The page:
Customers and Suppliers
Continuity in clients, customers and suppliers can be relevant to a finding of COBE. For example, in Simon v. Commissioner, 644 F.2d 339 (5th Cir. 1981), besides all of the transferor's operating assets being transferred to the acquiring company, and operations continuing as before with the same personnel, facilities and address except under the acquiring company's name, the transferee had the same supplier and dealt with the same clients, as though nothing had occurred apart from the name change to the business. In describing this transaction, the court found (at 342) that it evinced the "most complete continuity of enterprise... that is basic to a corporate reorganization." It was "identical to that [situation] in previous cases in which reorganizations have been found."
Whether the issuing corporation is using a "significant part" of the acquired corporation's assets in its business can depend on the used assets' importance to the issuing corporation's business as well as their dollar value in relation to the total value of the assets transferred. In Appeal of Laure, 653 F.2d 253 (6th Cir. 1981), the reorganization saw the sale of the old company's planes, inventory, prepaid insurance, accounts receivable and equipment, but the new company retained the land lease and an airplane hangar. These two retained assets were found to be of "crucial importance" to the new company's ability to obtain reliable air charter and repair services (at 261). As for their value relative to the total assets transferred in the transaction, the land lease and airplane hangar appeared to comprise about 27.25% of the total. The court held the value of the land lease and hangar was substantial in these circumstances, and that it was not necessary that a transferee use all or a majority of assets for there to be COBE.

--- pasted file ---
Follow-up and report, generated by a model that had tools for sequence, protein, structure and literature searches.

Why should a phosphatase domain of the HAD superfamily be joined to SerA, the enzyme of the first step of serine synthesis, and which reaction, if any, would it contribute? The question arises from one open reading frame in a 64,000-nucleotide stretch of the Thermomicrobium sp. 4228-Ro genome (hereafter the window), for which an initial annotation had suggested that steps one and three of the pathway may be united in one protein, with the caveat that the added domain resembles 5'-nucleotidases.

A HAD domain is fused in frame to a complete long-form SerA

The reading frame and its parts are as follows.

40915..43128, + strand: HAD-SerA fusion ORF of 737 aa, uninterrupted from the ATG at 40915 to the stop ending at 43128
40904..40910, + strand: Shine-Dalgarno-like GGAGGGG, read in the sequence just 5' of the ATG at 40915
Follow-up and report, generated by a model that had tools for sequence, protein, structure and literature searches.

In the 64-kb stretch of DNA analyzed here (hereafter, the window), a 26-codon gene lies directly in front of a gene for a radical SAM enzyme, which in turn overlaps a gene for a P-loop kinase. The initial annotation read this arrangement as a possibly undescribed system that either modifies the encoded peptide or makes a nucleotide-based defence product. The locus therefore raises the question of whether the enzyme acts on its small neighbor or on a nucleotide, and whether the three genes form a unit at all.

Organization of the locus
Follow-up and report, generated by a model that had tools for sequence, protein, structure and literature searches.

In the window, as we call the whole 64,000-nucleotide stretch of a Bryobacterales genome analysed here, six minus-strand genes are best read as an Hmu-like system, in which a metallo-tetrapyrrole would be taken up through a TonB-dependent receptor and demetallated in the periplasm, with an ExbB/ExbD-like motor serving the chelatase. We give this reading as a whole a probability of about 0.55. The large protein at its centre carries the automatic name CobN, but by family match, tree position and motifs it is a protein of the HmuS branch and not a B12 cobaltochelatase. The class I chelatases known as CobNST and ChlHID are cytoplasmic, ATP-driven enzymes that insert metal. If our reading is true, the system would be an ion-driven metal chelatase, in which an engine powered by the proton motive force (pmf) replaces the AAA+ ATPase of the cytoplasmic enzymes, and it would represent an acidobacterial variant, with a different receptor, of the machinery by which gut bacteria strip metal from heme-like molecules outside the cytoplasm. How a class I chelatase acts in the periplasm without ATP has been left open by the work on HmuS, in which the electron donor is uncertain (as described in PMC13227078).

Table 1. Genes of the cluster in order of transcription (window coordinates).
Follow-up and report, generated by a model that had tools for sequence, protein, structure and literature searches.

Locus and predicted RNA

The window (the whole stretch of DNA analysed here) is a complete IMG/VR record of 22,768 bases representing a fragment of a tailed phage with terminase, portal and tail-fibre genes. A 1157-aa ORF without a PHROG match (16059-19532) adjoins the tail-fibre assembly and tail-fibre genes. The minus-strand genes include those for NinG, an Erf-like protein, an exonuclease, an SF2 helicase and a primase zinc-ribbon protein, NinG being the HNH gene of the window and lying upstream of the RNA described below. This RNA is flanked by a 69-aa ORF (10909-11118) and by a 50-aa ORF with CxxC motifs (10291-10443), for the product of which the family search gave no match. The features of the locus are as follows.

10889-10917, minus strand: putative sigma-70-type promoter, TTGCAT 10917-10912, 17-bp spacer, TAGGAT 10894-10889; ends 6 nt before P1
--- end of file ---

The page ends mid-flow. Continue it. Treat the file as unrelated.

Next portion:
Does your client's corporate reorganization meet the continuity of business enterprise requirement for a § 368 tax-free reorganization? Find out!
Tax Foresight's Continuity of Business Enterprise Classifier asks you to complete a questionnaire about the facts of your case. Each of the questions represents a factor or factors found to inform court decisions about continuity of business enterprise. Once you answer all the questions, Tax Foresight will compute the likelihood of a finding of continuity of business enterprise, comparing your scenario to previous relevant cases.
The content of this article is intended to provide a general guide to the subject matter. Specialist advice should be sought about your specific circumstances.